The Epic of Gilgamesh (Sha naqba īmuru) was written on 12 clay tablets in cuneiform script. It is about the adventures of the historical King of Uruk (somewhere between 2750 and 2500 BCE). This later 12-tablet verse version was found in the library of the 7th-century BCE Assyrian King Ashurbanipal.
The Assyrian King Ashurbanipal (reigned 669-631 BC) collected a library of thousands of cuneiform tablets in his palace at Nineveh. It included letters, legal texts, lists of people, animals and goods, and a wealth of scientific information, as well as myths and legends.
The best known of these was the story of Gilgamesh, a legendary ruler of Uruk, and his search for immortality. The Epic of Gilgamesh is a huge work, the longest piece of literature in Akkadian (the language of Babylonia and Assyria). It was known across the ancient Near East, with versions also found at Hattusas (capital of the Hittites), Emar in Syria and Megiddo in the Levant.
This, the eleventh tablet of the Epic (pictured above), describes the meeting of Gilgamesh with Utnapishtim. Like Noah in the Hebrew Bible, Utnapishtim had been forewarned of a plan by the gods to send a great flood. He built a boat and loaded it with all his precious possessions, his kith and kin, domesticated and wild animals and skilled craftsmen of every kind.
Utnapishtim survived the flood for six days while mankind was destroyed, before landing on a mountain called Nimush. He released a dove and a swallow but they did not find dry land to rest on, and returned. Finally a raven that he released did not return, showing that the waters must have receded.
This Assyrian version of the Old Testament flood story was identified in 1872 by George Smith, an assistant in The British Museum. On reading the text he… ‘jumped up and rushed about the room in a great state of excitement, and, to the astonishment of those present, began to undress himself.’
Table of contents:
He who saw everything in the broad-boned earth, and knew what was to be known
Who had experienced what there was, and had become familiar with all things
He, to whom wisdom clung like cloak, and who dwelt together with Existence in Harmony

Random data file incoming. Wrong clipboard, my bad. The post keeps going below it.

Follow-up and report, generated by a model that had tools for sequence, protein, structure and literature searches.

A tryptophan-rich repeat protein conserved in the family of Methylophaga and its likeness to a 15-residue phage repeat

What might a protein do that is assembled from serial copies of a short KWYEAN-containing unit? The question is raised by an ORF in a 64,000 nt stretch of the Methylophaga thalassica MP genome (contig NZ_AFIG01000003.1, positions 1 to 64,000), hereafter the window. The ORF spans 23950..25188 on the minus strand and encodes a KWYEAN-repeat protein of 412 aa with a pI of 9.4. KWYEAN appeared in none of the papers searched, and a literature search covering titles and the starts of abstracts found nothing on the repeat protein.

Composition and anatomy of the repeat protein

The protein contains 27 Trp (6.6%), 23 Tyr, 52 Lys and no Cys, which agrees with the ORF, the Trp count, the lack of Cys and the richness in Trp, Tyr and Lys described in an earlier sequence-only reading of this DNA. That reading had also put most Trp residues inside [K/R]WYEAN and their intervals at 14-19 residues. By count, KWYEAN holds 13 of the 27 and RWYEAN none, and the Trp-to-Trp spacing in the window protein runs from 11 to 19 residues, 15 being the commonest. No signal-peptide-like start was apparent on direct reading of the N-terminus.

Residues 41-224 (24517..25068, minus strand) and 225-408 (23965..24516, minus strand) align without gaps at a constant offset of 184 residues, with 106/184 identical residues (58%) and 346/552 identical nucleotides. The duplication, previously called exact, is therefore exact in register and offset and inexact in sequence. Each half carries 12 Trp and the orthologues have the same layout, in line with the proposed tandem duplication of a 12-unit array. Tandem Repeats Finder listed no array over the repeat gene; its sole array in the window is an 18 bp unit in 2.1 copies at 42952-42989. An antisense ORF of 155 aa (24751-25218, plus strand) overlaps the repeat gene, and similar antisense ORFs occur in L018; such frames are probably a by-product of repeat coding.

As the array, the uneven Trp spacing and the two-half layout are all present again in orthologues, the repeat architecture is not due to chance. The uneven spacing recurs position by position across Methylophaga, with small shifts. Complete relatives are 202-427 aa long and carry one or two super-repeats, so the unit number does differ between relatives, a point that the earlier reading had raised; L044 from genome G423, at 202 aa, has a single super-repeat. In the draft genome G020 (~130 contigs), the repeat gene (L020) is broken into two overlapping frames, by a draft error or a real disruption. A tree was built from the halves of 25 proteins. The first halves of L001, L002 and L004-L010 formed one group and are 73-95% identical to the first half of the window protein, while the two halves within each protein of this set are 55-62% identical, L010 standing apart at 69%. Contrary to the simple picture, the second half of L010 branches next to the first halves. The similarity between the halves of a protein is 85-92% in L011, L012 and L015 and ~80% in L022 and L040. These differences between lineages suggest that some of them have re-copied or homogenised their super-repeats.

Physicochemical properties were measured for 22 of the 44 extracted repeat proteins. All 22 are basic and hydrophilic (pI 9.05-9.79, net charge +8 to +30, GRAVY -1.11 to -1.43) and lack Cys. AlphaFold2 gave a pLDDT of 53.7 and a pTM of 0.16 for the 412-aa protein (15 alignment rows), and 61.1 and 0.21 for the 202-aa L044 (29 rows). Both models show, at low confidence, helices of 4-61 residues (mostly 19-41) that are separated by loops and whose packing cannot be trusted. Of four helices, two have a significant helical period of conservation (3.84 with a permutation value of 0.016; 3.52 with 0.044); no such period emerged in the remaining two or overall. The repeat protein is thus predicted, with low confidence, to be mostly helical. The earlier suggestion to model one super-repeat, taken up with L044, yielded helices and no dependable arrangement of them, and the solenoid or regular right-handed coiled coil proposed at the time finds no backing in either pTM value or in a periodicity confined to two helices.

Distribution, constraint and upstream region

He knew the secret of things and laid them bare. And told of those times before the Flood
In his city, Uruk, he made the walls, which formed a rampart stretching on
And the temple called Eanna, which was the house of An, the Sky God
And also of Inanna, Goddess of Love and Battle
Look at it even now: where cornice runs on outer wall shining brilliant copper -see,
There is no inner wall; it has no equal. Touch the threshold – ancient. Approach the palace called Eanna.
There lives Inanna, Goddess of Love and Battle. No king since has accomplished such deeds.
Climb that wall, go in Uruk, walk there, I say, walk there.
See the foundation terrace, touch then the masonry – Is not this of burnt brick, And good? I say;
The seven sages laid its foundation. One third is city; One third is orchards; One third is clay pits- Unbuilt-on land of the Inanna Temple search these three parts, find the copper table-box
Open it. Open its secret fastening. Take out the lapis-lazuli tablet. Read aloud from it.
Read how Gilgamesh fared many hardships
Surpassing all kings, great in respect, a lord in his form
He is the hero, He is of Uruk, He, the butting bull
He leads the Way, He, the Foremost, He also marches at the rear, a helper to his brothers
He is the Great Net, protector of his men. He is the furious flood-wave,
Who destroys even stone walls. The offspring of Lugulbanda, Gilgamesh is perfect in strength
The son of the revered Cow, of the woman Rimat-Ninsun. Gilgamesh inspires perfect awe. He opened the mountain passes, he dug the well on the mountain’s flank.
He crossed to the far shore, traversed the vast sea to the rising Sun. He explored the rim, sought life without death. By his strength he reached Ziusudra the Faraway
He who restored living things to their places
Those which the Flood had destroyed
Amidst the teeming peoples,
Who is there to compare with him in kingship?
Who like Gilgamesh can say:
‘I am king indeed?’
His name was called Gilgamesh
From the very day of his birth,
He was two-thirds god, one third man,
The Great Goddess Aruru designed him, planned his body, prepared his form
A perfect body the gods gave
For the creation of Gilgamesh
Shamash the Sun gave beauty
Adad the Storm gave courage
And so he surpassed all others.
He was two-thirds god, one third man,
The form of his body no one can match
Eleven cubits high he is, nine spans his chest
As he turns to see the lands all around him.
But he comes to the city of Uruk.
Long was his journey, weary, worn down by his labors
He inscribed upon a stone when he returned